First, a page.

But time was moving; World War I broke out, wreaking unexpected, catastrophic destruction. While it raged, Wilhelm pursued the Ukrainian throne, among other things forging a friendship with Andrii Sheptytsky, the metropolitan of the Ukrainian Greek Catholic Church; commanding a Ukrainian legion; and donning a Cossack cap. His efforts came to naught, as did those of his father.
For as hard as they had tried to stay ahead of the times, they still could not keep up. The great empires of Central Europe had finally crumbled by 1918, victims of the war’s sheer destructive violence. The institution of the monarchy died along with them. Poland became a republic, and did not want a king. Ukraine was conquered by the Bolsheviks, subjected to mass terror and repression, and became a part of the Soviet Union. And Wilhelm slipped away into the murky world of the “White” anti-Bolshevik struggle, which gradually merged into the even murkier world of fascism.
Snyder perhaps is at his best depicting this most colorful period in Wilhelm’s life. He cheerfully describes his hero’s homosexual and heterosexual escapades, one of which ended in a tabloid scandal in Paris. He also describes the various Habsburg revanchist clubs, parties, and secret societies in which Wilhelm participated. Amazing minor characters people this era: out-of-pocket aristocrats, adventurers, swindlers, “valets” who are in fact their master’s lovers. Some have almost improbable life stories: Trebitsch Lincoln, one of Wilhelm’s acquaintances, was a Hungarian Jew who took up with Christian missionaries in London, was elected to the House of Commons, backed a scheme to drill for oil in Galicia, went bankrupt, became a German spy during World War I, and then moved to Germany where he became an anti-British, proto-fascist journalist, fanning German anger about the Treaty of Versailles.
Snyder treats all of his material in a somewhat droll manner, usually making no more of Wilhelm than he made of himself. Though the young archduke continued to pursue his royal heritage, he seems to have known the chances were small. “Only in romance novels,” Wilhelm said in 1932, “do people still use their titles.” At another point, Snyder writes of his hero that “his life’s mission, when he was not in a brothel or on the beach, was to rescue the suffering Ukrainian people from the rule of the Bolsheviks.” Whole absurd paragraphs of the story read almost like the deadpan prose of Evelyn Waugh. Snyder writes, for example, of Wilhelm’s cousin and friend the deposed King Alfonso of Spain, who was
“indeed an excellent sportsman (not only polo but golf and tennis) and the sponsor of soccer clubs (among them Réal Madrid); he was also the father of ten children (seven legitimate) and the sponsor of three films (all pornographic). Like his cousin Wilhelm, he liked, as people said at the time, to motor.”
At another point, he describes one of Wilhelm’s business schemes:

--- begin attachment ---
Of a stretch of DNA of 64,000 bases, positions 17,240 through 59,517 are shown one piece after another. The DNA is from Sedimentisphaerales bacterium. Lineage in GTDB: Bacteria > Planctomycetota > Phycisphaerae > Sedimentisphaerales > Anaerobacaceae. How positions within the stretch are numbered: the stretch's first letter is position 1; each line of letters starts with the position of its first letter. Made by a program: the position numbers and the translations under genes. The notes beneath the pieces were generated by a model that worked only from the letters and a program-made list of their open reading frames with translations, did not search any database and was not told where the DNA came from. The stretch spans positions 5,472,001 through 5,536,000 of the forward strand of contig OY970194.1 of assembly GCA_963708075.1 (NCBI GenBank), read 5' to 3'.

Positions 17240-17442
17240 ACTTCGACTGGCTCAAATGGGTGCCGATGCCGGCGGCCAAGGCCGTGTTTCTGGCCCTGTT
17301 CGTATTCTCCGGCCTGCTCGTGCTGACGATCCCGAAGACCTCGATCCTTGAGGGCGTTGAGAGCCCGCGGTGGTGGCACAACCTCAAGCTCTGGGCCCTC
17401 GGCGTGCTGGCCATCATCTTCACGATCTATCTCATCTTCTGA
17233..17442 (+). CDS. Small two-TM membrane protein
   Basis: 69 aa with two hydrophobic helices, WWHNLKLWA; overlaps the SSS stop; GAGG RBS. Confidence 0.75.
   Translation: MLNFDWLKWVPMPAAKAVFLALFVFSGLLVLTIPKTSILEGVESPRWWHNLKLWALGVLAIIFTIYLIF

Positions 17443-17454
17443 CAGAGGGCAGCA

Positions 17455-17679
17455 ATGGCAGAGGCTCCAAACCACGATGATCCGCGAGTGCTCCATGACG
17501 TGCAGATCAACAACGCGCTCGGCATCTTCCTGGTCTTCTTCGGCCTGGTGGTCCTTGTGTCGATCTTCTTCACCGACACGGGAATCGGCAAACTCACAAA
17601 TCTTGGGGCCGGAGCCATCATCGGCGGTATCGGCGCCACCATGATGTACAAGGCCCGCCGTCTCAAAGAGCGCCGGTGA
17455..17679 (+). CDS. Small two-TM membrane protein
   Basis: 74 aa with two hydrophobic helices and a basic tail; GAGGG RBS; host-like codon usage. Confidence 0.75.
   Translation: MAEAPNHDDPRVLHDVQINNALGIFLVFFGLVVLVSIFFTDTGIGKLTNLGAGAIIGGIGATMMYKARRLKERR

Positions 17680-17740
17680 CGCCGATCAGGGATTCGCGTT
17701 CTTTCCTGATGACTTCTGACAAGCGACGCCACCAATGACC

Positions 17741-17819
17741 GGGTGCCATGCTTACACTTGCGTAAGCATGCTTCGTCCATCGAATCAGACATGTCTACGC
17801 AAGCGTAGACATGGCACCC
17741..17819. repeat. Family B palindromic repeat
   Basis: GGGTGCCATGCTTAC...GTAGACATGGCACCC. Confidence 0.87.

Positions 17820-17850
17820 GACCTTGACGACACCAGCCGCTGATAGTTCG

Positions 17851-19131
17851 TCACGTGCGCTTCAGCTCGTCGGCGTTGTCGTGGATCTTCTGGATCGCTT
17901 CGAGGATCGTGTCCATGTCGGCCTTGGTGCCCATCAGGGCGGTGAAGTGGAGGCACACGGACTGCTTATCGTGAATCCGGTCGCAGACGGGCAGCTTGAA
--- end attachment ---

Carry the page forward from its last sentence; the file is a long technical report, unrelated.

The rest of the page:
“He brought a group of rich American speculators to Madrid to invest in a real estate project. He was absolutely fastidious about the lodging arrangements (the Ritz and the Savoy) but totally unreliable about everything else…. Then he suddenly went off to Barcelona with some friends, gave an incorrect forwarding address, and left his associates and the Americans to pick up the pieces.”
In a novel, this would have all ended farcically, and Wilhelm would have finished his life somewhere in Monte Carlo, a doddery old pretender to a nonexistent throne, surrounded by scheming retainers. Except that he didn’t, or perhaps couldn’t. This was Central Europe in the twentieth century, after all, and the rapid expansion of both fascism and communism meant that anyone who played political games, however amateurishly, risked being taken very seriously indeed.
World War II broke out, and with it came financial and moral catastrophe for the “Polish Habsburgs.” Wilhelm’s older brother, Albrecht von Habsburg, who had inherited the family’s Zywiec estate, was imprisoned by the Gestapo because he refused to renounce his adopted Polish identity. His wife, Alice von Habsburg, born a Swedish aristocrat, also told her Nazi captors that she belonged “to the community of Poles,” adding that “when I am asked about National Socialism, I can only respond that I reject it. The reason for that is the lack of individual freedom.” For that, she spent time in a labor camp too.
Another sister-in-law, Maja von Habsburg, became the subject of a dispute within the Nazi hierarchy, eventually involving Hitler himself, about whether Habsburgs were in fact German, and, if not, whether their property could be confiscated by the state. In fact, the family’s flexible attitude toward nationality deeply confused the Nazis, who believed that “nation was race and that race was biological and thus to be determined by science, which in practice meant by the state.” Here were a family of tall, blond German-speakers, who somehow didn’t want to be German, and certainly didn’t want to be Nazis. How to explain it? One Gestapo report harrumphed that Albrecht’s life was “one long betrayal of Germanness, one that excludes him forever from the community of Germans.”
Wilhelm, ever the chameleon, at first tepidly embraced the Nazis. He joined the Wehrmacht, apparently imagining himself marching into Kiev as the leader of a puppet state. When it finally dawned on him that the Nazis were interested neither in him nor in Ukrainian independence, he became disillusioned and switched sides again. He began collaborating with British intelligence from inside Vienna, reporting on German troop movements and possibly providing other information as well. Another parade of improbable characters now appeared in his story: a Ukrainian music student who was a passionate Ukrainian nationalist and spy, for example, and a Ukrainian cook and cleaner who was in fact a courier for the infamous Organization of Ukrainian Nationalists, which was at war with both the Nazis and the Red Army simultaneously.